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Semi-Presidentialism in Europe$
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Robert Elgie

Print publication date: 1999

Print ISBN-13: 9780198293866

Published to Oxford Scholarship Online: November 2003

DOI: 10.1093/0198293860.001.0001

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Finland

Finland

Chapter:
(p.48) 3 Finland
Source:
Semi-Presidentialism in Europe
Author(s):

David Arter

Publisher:
Oxford University Press
DOI:10.1093/0198293860.003.0003

Since the retirement of President Kekkonen in 1981, a process of piecemeal constitutional reform has strengthened the core concept of parliamentary government at the expense of the old quasi‐monarchical elements in the Finnish political system; this modernization process has been propelled by a concern to avoid the possibility of a recurrence of the ‘enlightened despotism’ of the Kekkonen era, and has been aided by the collapse of the Soviet Union. Recent constitutional changes have also enhanced the involvement of the prime minister and government in the performance of the federative (foreign policy) function; above all, the institutional adaptation required by membership of the EU has emphasized the bicephalous character of the Finnish political executive in a way reminiscent of interwar practice. Political factors, notably the ability of the party system to deliver stable majority coalitions, have worked in the same direction, and indeed arguments have been made in favour of the abolition of the whole institution of the presidency. With parliament having recently accepted the main findings of the Nikula Committee's report and restricted the president's involvement in the process of coalition‐building, as well as vesting the government with powers jointly to manage foreign policy, it is clear that Finland is en route to becoming an orthodox parliamentary democracy: the head of state has lost his exclusive charge of the federative function; his involvement in the legislative process is limited and exceptional; and even his executive powers—particularly his powers of appointment—have been restricted in recent years. The different sections of the chapter are: Constitution‐Making 1917–1919: A Monarchical Republic?; The Shift to a President‐Dominant System, 1940–1987; From President‐Dominant to Pluralist Foreign Policy‐Making, 1987–1998; and Towards a Ceremonial Presidency?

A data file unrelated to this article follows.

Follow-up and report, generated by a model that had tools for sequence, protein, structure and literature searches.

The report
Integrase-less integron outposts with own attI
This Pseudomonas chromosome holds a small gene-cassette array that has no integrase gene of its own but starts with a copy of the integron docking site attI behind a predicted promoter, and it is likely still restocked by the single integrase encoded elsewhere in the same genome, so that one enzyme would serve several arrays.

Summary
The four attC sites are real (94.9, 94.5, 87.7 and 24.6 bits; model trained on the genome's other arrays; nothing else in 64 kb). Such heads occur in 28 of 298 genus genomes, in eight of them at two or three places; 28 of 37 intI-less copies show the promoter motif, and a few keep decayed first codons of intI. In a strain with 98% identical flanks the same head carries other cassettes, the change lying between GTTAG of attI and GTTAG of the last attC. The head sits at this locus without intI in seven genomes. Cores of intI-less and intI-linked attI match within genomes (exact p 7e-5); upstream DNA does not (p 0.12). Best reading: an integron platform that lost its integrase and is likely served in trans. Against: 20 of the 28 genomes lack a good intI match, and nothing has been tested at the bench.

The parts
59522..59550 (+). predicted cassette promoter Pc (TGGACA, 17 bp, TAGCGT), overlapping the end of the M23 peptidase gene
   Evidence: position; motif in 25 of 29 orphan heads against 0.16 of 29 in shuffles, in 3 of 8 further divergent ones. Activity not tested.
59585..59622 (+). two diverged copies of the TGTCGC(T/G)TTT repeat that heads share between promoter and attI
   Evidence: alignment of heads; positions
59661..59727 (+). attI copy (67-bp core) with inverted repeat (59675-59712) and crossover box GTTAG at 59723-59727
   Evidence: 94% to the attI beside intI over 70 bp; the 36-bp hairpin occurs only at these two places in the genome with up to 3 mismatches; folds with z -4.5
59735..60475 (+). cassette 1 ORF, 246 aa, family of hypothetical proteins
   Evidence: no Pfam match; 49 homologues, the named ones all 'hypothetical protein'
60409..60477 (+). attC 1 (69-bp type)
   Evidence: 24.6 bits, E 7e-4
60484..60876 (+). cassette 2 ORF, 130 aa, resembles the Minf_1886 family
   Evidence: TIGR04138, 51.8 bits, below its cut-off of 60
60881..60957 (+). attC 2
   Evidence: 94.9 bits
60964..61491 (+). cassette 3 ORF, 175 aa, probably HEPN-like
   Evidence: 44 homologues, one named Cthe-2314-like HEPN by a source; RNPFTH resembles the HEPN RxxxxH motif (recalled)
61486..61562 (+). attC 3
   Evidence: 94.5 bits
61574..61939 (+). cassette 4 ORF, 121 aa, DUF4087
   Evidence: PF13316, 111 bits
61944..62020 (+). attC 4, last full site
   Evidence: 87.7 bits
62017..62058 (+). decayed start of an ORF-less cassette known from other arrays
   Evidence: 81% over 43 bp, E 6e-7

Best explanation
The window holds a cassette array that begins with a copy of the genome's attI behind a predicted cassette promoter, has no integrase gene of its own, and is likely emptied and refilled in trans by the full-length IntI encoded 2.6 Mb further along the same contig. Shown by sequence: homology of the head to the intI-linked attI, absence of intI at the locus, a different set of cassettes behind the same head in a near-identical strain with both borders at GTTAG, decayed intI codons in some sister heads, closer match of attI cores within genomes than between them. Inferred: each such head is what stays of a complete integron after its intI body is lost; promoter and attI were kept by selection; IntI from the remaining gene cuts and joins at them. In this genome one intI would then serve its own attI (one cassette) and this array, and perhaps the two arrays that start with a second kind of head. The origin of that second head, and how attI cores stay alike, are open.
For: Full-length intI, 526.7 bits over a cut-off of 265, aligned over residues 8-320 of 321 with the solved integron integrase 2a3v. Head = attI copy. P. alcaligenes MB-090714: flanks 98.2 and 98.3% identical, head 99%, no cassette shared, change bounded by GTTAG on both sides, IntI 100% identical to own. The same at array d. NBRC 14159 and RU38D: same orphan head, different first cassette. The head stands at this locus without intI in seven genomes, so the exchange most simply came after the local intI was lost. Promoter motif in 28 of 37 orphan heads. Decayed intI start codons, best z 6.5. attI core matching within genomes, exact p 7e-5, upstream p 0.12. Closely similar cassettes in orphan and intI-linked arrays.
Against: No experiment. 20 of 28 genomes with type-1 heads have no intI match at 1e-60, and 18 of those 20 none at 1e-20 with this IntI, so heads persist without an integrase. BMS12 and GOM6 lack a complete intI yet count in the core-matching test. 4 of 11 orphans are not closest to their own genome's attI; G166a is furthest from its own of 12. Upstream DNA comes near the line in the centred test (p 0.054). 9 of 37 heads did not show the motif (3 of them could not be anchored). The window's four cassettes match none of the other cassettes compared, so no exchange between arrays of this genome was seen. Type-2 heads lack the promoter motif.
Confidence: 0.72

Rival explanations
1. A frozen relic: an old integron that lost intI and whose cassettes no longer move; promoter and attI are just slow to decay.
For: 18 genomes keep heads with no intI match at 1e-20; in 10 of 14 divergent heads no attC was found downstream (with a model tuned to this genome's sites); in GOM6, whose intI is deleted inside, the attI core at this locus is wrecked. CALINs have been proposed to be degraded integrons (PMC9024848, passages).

Keywords:   Ceremonial Presidency, constitutional changes, constitutional reform, EU, executive powers, federative function, Finland, Kekkonen, monarchical elements, Monarchical Republic, parliamentary democracy, parliamentary government, party system, Pluralist Foreign Policy‐Making, President, semi‐presidentialism, Soviet Union

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